In this Cyberchase lesson plan, students explore different repeating patterns to predict when two or more events will occur at the same time. In the video segment, the CyberSquad examines patterns and beats in music. Students are encouraged to create patterns and draw conclusions. In doing so, they learn to predict the least common factor of up to three numbers.

Content Standard(s):

Mathematics MA2019 (2019) Grade: 4

4. For whole numbers in the range 1 to 100, find all factor pairs, identifying a number as a multiple of each of its factors.

a. Determine whether a whole number in the range 1 to 100 is a multiple of a given one-digit number.

b. Determine whether a whole number in the range 1 to 100 is prime or composite.

Unpacked Content

Evidence Of Student Attainment:

Students: When given a number in the range 1-100,

Find all factor pairs and recognize that a whole number is a multiple of each of its factors.

Determine whether the whole number in the range 1-100 is a multiple of a given one-digit number.

Determine whether a whole number in the range 1-100 is prime or composite.

Teacher Vocabulary:

Multiple

Factor

Prime

Composite

Whole number

Factor pair

Knowledge:

Students know:

Factor pairs include two numbers that when multiplied result in a particular product.

Multiples are the result of multiplying two whole numbers.

How to identify a prime or composite number.

Skills:

Students are able to:

Find all factor pairs of a given number.

Identify a number as a multiple of each of its factors.

Determine whether a number is prime or composite.

Understanding:

Students understand that:

A whole number is a multiple of each of its factors.

Numbers can be classified as prime, composite, or neither, based on their properties and characteristics.

Diverse Learning Needs:

Essential Skills:

Learning Objectives: M.4.4.1: Define factors, prime number, and composite number.
M.4.4.2: Apply properties of operations as strategies to multiply and divide.
M.4.4.3: Identify all factor pairs for a whole number in the range 1-20.
M.4.4.4: Name the first ten multiples of each one-digit natural number.
M.4.4.5: Recall basic multiplication facts.
M.4.4.6: Count within 1000; skip-count by 5s, 10s, and 100s.

Prior Knowledge Skills:

Represent equal groups using manipulatives.

Identify and define the parts of a multiplication problem including factors, multiplier, multiplicand and product.

Use multiplication to find the total number of objects arranged in rectangular arrays based on columns and rows.

Write an equation to express the product of the multipliers (factors).

Relate multiplication to repeated addition and skip counting.

Define pair, odd and even.

Recall doubles addition facts with sums to 20.

Apply sign+ and = to actions of joining sets.

Model written method for composing equations.

Skip count by 2s.

Mathematics MA2019 (2019) Grade: 4

5. Generate and analyze a number or shape pattern that follows a given rule.

Unpacked Content

Evidence Of Student Attainment:

Students: When given a rule or pattern,

Generate a number or shape pattern that follows a given rule.

Identify a missing number or shape in the pattern.

Identify a feature of the pattern.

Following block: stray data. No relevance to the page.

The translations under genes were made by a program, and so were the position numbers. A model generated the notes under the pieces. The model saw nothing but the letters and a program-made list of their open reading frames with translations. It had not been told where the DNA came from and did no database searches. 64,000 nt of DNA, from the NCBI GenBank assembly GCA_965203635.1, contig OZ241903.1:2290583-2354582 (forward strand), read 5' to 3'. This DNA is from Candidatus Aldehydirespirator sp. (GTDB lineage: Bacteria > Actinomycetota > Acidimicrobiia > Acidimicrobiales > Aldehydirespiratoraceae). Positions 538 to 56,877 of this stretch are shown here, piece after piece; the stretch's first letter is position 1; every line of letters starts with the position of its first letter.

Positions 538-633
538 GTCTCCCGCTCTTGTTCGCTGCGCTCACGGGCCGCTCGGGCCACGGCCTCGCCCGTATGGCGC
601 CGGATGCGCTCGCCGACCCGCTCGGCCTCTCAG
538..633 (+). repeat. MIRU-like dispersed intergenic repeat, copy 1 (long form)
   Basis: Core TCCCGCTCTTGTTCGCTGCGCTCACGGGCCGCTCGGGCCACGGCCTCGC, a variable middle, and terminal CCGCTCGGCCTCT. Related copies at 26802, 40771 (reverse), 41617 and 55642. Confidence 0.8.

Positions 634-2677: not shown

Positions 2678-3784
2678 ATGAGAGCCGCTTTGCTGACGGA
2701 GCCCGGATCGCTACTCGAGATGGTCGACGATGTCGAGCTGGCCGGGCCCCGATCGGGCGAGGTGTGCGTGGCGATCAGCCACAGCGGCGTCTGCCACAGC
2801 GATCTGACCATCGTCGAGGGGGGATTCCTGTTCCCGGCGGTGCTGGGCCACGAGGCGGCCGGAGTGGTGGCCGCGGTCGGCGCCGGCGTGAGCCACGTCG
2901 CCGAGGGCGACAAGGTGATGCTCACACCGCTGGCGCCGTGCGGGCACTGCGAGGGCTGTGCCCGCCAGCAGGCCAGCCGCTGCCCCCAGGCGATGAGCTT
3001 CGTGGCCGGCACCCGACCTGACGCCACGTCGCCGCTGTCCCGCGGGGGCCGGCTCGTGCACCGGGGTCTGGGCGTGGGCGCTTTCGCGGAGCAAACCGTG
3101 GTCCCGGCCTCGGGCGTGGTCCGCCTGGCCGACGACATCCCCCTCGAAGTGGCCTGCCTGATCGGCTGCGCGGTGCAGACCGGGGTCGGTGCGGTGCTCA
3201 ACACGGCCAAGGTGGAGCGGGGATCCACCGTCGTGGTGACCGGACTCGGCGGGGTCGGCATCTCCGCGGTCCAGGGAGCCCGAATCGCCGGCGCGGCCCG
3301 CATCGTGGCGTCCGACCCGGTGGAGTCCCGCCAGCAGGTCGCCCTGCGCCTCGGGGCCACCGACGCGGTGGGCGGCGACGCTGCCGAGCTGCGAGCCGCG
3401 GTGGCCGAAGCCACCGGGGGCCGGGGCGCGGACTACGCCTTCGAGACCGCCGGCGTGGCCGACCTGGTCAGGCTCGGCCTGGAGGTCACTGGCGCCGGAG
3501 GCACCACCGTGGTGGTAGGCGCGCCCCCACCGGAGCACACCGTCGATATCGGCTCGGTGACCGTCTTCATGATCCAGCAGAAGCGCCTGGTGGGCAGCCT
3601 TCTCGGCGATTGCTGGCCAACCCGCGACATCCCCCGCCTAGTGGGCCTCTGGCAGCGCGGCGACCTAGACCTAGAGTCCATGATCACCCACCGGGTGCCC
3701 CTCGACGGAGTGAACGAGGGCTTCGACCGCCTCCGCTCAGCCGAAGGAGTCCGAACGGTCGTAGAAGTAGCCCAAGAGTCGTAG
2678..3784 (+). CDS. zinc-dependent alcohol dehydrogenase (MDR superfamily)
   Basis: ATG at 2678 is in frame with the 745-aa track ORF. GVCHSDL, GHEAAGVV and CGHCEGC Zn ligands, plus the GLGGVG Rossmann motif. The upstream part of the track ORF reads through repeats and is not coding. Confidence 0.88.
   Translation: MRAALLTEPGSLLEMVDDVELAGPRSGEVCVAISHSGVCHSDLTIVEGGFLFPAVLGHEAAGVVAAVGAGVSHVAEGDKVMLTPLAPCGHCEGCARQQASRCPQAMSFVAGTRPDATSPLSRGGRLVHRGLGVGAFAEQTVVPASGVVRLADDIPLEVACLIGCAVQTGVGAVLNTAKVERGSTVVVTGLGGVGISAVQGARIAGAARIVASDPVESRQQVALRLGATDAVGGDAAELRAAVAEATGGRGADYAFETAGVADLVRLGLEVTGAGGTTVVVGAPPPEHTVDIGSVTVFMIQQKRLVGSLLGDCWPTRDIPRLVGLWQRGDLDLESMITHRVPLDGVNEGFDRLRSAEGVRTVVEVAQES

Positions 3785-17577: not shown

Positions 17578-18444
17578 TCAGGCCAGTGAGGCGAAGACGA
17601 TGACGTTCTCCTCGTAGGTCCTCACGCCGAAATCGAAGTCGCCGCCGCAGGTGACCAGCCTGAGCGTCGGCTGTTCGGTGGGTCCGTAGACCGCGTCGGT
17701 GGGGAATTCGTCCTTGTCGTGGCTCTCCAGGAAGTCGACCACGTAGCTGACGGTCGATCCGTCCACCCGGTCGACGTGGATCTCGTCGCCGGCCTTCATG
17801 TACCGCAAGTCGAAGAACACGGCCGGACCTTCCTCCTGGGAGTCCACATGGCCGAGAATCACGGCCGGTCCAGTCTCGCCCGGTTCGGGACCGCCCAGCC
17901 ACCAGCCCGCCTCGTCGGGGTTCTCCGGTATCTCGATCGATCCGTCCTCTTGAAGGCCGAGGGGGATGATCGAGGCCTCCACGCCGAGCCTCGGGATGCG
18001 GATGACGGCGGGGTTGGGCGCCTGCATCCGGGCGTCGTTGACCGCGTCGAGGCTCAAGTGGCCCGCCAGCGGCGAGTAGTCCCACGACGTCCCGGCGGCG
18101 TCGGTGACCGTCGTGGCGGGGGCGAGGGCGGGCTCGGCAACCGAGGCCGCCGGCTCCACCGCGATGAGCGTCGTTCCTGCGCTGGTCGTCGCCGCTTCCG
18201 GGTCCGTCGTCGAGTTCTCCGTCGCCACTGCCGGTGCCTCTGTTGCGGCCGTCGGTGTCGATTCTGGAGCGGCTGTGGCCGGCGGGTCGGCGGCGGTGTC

Example: Given the rule "Add 3" and the starting number 1, generate terms in the resulting sequence, and observe that the terms appear to alternate between odd and even numbers. Explain informally why the numbers continue to alternate in this way.

Teacher Vocabulary:

Generate

Rule

Pattern

Sequence

Term

Continue

Identify

Explicit

Knowledge:

Students know:

Strategies for generating and recording number or shape patterns from a given rule.

Strategies for identifying and communicating shape and number patterns.

Skills:

Students are able to:

Generate a number or shape pattern that follows a given a rule.

Analyze a number or shape pattern that follows a given rule.

Understanding:

Students understand that:

A pattern is generated from a given rule.

The properties of a rule or pattern can be used to extend a pattern.

Some features of a given pattern are not explicit in the pattern's rule.

Diverse Learning Needs:

Essential Skills:

Learning Objectives: M.4.5.1: Identify arithmetic patterns, including patterns in the addition table or multiplication table; and explain them using properties of operations.
M.4.5.2: Recognize arithmetic patterns (including geometric patterns or patterns in the addition table or multiplication table).
M.4.5.3: Construct repeating and growing patterns with a variety of representations.
M.4.5.4: Continue an existing pattern.
M.4.5.5: Identify arithmetic patterns.
M.4.5.6: Demonstrate computational fluency, including quick recall, of addition multiplication facts.

Prior Knowledge Skills:

Identify a rule when given a pattern.
Examples: multiplication and division—"Input x 3 = Output". addition and subtraction—"Input + 8 = Output".

Use repeated addition to solve problems with multiple addends.

Count forward in multiples from a given number. Examples: 3, 6, 9, 12; 4, 8, 12, 16.

Define pair, odd and even.

Recall doubles addition facts with sums to 20.

Skip count by 2s.

Alabama Alternate Achievement Standards

AAS Standard: M.AAS.4.5 Use repeating patterns to make predictions.

4. For whole numbers in the range 1 to 100, find all factor pairs, identifying a number as a multiple of each of its factors. a. Determine whether a whole number in the range 1 to 100 is a multiple of a given one-digit number. b. Determine whether a whole number in the range 1 to 100 is prime or composite.

5. Generate and analyze a number or shape pattern that follows a given rule.